The first report of ovine cerebral neosporosis and evaluation of Neospora caninum prevalence in sheep in New South Wales

Elsevier Inc
Publication Type:
Journal Article
Veterinary Parasitology, 2010, 170 (1-2), pp. 137 - 142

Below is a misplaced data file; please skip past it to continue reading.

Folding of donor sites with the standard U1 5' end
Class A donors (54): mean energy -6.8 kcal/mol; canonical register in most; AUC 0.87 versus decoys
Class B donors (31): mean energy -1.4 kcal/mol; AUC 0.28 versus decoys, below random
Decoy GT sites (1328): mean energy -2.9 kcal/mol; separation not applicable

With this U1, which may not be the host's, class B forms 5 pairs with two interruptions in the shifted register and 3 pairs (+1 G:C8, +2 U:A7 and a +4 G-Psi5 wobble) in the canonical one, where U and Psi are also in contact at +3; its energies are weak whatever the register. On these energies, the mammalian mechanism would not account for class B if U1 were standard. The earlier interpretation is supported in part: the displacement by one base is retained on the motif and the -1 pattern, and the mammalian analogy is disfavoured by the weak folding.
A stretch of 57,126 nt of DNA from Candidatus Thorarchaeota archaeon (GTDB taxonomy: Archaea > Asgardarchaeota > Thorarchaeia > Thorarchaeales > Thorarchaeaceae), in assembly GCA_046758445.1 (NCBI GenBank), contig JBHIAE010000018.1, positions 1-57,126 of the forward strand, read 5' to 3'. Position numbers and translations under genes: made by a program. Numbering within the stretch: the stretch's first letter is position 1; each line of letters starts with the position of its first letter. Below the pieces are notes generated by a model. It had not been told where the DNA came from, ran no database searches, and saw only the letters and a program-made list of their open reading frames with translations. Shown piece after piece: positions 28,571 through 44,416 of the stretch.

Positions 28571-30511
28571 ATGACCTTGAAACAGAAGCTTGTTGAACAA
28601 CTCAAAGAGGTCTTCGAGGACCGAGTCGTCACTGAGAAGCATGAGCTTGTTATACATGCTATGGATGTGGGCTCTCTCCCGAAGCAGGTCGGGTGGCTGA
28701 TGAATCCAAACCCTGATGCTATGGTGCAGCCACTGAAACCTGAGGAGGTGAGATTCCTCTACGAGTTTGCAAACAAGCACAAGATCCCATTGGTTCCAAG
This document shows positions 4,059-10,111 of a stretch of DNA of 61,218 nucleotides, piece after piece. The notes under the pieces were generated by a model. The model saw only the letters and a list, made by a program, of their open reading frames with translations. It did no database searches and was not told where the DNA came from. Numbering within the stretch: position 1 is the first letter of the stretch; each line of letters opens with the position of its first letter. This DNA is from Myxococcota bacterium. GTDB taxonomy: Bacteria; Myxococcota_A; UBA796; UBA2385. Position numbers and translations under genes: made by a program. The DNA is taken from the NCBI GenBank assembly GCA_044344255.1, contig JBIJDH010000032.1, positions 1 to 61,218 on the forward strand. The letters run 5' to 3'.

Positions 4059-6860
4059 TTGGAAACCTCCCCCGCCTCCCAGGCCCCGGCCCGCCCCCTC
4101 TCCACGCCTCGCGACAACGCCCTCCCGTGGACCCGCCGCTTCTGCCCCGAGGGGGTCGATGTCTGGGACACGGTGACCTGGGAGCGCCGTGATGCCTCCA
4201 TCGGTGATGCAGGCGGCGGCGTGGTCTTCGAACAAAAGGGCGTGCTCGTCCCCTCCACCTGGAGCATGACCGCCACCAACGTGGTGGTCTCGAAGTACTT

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Presence of Neospora caninum DNA was detected in the brain and spinal cord of an adult Merino sheep suspected of dying with acute non-suppurative meningoencephalitis and mild to moderate non-suppurative myelitis. The most severe neurological lesions were found in the midbrain at the rostral coliculi with moderate to severe multifocal vasculitis and gliosis. As this was the first known occurrence of cerebral disease in sheep in Australia caused by N. caninum, we surveyed sera from five sheep properties in New South Wales (NSW) to obtain information on the likely prevalence of N. caninum infection in NSW sheep flocks. Serology using a commercial indirect enzyme-linked immunosorbent assay (ELISA) revealed no N. caninum antibody-positive sheep (n = 184). However an observed prevalence for N. caninum antibodies using a commercially available competitive ELISA was 2.2% (5/232). We conclude that although the diagnosis of fatal ovine cerebral neosporosis is of importance to our surveillance program for transmissible spongiform encephalopathy (TSE) exclusion, sheep in NSW are not commonly infected with N. caninum and this species likely plays only a minor role in the life cycle of this parasite in Australia.
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